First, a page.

Walter E. Gusso and Stella A. Crandall married June 10, 1914 in Codington County, South Dakota. Married 46 years until Stella’s death in 1961.
Sterling Davis and Clara P Ransom
Sterling P. Davis and Clara P. Ransom married June 4, 1905 in Idaho. They got their marriage license in Lewiston, Nez Perce County, but married in Moscow, Latah County, where they lived. Married 27 years until Sterling’s death in 1933.

Though I don’t have  a portrait to share, Charles Edward Smith and Mary Lila Reams married in Johnson County, Missouri, on September 2, 1888. They were married 29 years until Mary Lila’s death in 1917. It seems a little unusual that in three of four of these couples, the wife died first, from non-childbearing causes.

The only wedding portrait I have of the next generation back is that of Olive Springer and Charles Gusso.

GussoCharles 002
Olive Springer and Charles Gusso married March 28, 1889 in Codington County, South Dakota. Married 42 years until Charlie’s accidental death in 1931.

Feature image: Our custom-made wedding rings, 1999.

36 thoughts on “Ceremonies

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  1. That’s a pretty neat little photo legacy Eilene. Hey, I was just in Colfax again yesterday. Great place to drive through… One of these days I’ll stop and check out the Codger Pole.

    Liked by 1 person

      1. Last month I drove a couple of the back roads and wound up in Pine City. I’d never heard of it. The town was beautifully nestled in a valley beneath crags and outcroppings, and laden with pine trees surrounded for miles by the desert. It was beyond misplaced, but very nice with unique geography. But, nothing at all to do but carve codger poles and grow wheat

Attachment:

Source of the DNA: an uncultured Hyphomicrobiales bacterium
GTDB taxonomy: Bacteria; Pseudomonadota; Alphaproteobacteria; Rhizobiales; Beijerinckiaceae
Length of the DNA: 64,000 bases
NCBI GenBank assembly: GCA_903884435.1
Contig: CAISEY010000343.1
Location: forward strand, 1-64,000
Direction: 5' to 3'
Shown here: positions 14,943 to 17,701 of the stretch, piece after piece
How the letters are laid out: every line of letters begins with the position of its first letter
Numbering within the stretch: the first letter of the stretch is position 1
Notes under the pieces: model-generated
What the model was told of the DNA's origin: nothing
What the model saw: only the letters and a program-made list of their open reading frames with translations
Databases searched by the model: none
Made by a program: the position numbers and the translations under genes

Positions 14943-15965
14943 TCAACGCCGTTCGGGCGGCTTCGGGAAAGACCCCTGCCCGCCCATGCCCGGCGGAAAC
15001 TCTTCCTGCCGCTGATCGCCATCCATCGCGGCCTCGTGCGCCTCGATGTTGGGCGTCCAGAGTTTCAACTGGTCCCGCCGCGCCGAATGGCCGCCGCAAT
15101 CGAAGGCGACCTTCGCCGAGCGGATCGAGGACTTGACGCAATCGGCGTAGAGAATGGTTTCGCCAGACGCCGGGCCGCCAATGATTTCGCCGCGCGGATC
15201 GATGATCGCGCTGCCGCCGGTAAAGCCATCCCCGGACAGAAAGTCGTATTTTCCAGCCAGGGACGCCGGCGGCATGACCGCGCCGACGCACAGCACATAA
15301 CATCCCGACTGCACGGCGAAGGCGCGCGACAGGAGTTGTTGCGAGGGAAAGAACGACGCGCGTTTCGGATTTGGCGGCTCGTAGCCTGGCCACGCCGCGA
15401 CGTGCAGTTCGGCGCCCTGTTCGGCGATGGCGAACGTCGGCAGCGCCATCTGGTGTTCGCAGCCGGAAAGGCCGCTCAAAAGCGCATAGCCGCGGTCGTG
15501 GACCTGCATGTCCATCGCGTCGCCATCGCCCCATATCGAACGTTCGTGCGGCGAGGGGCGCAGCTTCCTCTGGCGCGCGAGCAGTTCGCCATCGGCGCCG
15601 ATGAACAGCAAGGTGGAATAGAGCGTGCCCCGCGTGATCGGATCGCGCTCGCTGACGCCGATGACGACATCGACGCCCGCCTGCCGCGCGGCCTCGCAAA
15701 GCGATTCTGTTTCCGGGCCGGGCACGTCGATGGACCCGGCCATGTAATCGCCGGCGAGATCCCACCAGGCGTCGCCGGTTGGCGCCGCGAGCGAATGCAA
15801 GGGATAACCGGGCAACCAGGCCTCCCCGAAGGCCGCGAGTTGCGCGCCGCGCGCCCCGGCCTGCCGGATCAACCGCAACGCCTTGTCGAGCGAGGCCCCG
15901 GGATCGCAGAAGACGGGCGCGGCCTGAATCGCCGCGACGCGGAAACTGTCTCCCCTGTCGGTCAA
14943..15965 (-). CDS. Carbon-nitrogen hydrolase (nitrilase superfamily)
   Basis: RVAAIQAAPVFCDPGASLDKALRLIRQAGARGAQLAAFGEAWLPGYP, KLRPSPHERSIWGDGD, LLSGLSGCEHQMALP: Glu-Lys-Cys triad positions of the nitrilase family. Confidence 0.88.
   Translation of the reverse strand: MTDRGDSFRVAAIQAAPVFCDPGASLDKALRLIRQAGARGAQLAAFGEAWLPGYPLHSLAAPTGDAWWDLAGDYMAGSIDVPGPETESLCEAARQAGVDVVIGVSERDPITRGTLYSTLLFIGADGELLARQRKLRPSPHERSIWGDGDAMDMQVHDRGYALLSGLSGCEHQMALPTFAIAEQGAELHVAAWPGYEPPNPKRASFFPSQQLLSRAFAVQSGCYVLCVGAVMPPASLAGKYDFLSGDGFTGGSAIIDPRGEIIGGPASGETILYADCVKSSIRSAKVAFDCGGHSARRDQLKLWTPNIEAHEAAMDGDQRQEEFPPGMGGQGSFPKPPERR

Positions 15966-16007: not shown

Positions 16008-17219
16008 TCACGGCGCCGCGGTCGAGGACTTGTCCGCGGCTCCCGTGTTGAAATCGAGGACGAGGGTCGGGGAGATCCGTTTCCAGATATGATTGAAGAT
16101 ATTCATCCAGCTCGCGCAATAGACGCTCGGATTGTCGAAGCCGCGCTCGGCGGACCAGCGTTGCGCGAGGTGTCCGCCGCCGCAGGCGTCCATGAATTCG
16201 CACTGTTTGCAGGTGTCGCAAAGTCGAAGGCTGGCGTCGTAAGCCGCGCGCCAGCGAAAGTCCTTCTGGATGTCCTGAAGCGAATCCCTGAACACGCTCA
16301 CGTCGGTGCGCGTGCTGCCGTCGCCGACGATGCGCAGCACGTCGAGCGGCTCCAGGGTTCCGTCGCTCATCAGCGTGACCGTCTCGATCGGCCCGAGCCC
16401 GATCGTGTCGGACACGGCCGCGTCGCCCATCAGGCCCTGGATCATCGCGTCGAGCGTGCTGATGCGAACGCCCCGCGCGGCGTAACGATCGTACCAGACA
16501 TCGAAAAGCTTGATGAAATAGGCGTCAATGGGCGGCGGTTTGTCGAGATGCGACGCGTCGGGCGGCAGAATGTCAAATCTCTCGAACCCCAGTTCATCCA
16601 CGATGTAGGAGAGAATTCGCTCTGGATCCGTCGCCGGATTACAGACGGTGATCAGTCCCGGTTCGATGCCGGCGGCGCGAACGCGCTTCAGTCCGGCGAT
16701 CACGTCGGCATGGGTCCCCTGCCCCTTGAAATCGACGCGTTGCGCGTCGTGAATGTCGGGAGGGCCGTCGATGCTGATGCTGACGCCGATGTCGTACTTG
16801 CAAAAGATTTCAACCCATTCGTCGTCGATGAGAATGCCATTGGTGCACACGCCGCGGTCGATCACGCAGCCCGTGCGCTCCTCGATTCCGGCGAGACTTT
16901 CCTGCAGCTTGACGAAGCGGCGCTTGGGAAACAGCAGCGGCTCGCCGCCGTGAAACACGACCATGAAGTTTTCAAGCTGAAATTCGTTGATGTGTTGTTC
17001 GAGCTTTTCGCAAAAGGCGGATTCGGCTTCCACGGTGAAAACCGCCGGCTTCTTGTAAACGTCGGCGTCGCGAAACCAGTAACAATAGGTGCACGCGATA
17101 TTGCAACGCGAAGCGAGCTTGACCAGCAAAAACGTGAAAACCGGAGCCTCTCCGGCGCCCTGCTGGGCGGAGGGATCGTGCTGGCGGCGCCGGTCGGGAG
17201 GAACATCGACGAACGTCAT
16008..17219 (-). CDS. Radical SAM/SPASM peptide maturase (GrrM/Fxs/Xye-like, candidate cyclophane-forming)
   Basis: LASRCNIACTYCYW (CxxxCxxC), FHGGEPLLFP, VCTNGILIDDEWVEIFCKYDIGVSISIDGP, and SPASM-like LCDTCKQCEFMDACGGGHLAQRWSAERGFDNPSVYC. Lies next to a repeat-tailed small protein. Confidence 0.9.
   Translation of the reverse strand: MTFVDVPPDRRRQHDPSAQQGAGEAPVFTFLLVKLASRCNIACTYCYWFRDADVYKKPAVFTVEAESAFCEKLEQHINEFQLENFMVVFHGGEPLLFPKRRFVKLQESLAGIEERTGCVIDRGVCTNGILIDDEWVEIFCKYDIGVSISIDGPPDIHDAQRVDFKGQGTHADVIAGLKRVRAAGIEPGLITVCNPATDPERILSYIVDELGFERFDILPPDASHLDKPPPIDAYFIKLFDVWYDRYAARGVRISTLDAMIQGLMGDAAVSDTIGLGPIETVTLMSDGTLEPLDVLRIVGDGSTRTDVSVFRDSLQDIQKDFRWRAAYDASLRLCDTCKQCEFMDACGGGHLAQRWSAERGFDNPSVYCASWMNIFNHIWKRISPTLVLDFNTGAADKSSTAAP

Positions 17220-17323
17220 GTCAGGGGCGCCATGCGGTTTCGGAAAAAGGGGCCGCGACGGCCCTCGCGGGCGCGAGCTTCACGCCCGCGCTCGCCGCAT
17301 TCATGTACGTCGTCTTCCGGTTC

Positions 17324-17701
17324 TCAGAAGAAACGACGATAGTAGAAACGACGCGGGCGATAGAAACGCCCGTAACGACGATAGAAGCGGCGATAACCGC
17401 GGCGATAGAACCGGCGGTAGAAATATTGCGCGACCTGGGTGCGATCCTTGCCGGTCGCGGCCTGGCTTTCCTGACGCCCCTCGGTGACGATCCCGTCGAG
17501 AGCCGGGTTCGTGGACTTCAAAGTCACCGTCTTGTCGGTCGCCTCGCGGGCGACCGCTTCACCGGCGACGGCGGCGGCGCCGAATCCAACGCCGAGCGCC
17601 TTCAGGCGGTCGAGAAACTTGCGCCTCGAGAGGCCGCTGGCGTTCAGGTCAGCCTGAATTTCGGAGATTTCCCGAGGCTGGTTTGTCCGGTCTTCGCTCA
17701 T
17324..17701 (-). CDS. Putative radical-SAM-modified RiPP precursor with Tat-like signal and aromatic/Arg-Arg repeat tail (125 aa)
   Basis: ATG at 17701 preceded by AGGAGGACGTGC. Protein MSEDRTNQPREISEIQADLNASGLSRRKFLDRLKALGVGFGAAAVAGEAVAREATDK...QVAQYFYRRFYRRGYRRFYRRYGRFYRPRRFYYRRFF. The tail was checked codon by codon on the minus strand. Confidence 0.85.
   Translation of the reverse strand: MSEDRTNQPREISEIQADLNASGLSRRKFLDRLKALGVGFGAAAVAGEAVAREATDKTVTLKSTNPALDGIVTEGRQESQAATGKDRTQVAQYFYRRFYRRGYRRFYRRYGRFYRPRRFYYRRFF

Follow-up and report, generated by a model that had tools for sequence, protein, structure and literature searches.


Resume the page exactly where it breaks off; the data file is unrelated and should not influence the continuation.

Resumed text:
Liked by 1 person

      2. I used to travel a lot for my work and I’d go the back way for years. Some of these off the map places are pretty neat and have great cemeteries. Last month we were out by Cedonia along the Columbia. Just nothing there really but had a beautifully kept cemetery. My wife loves to walk them whenever we can.

        Liked by 1 person

    1. Thanks, Liz. I think we had a fun wedding. I hadn’t learned about Reatha and Everett’s honeymoon or seen that photo of both of them with the flowers until just a few weeks ago. Every time I visit my aunt and uncle, I learn new things and discover more stuff they have tucked away.


    1. Did you see my comments on such a wedding? I don’t recommend it. You have to expect people will be partying well beforehand. Even our early evening wedding in the mountains caused at least one couple to get pulled over on their way back to town.

      Liked by 1 person

  2. I love your photo display, though besides your grandmother’s hat, I have to say the backdrop to your picture is the best, even if it was cold. 🙂
    Also, kudos to you for having custom made rings. I don’t think it ever dawned on us we could do something original like that!

    Liked by 1 person

    1. I like the rings, but they are ridiculously heavy and we take them off at home. We’re thinking of getting something simple that we can wear all the time.

      I do love the backdrop on our picture. It’s one of my favorite photos of that day and hangs on our bedroom wall.

      Liked by 1 person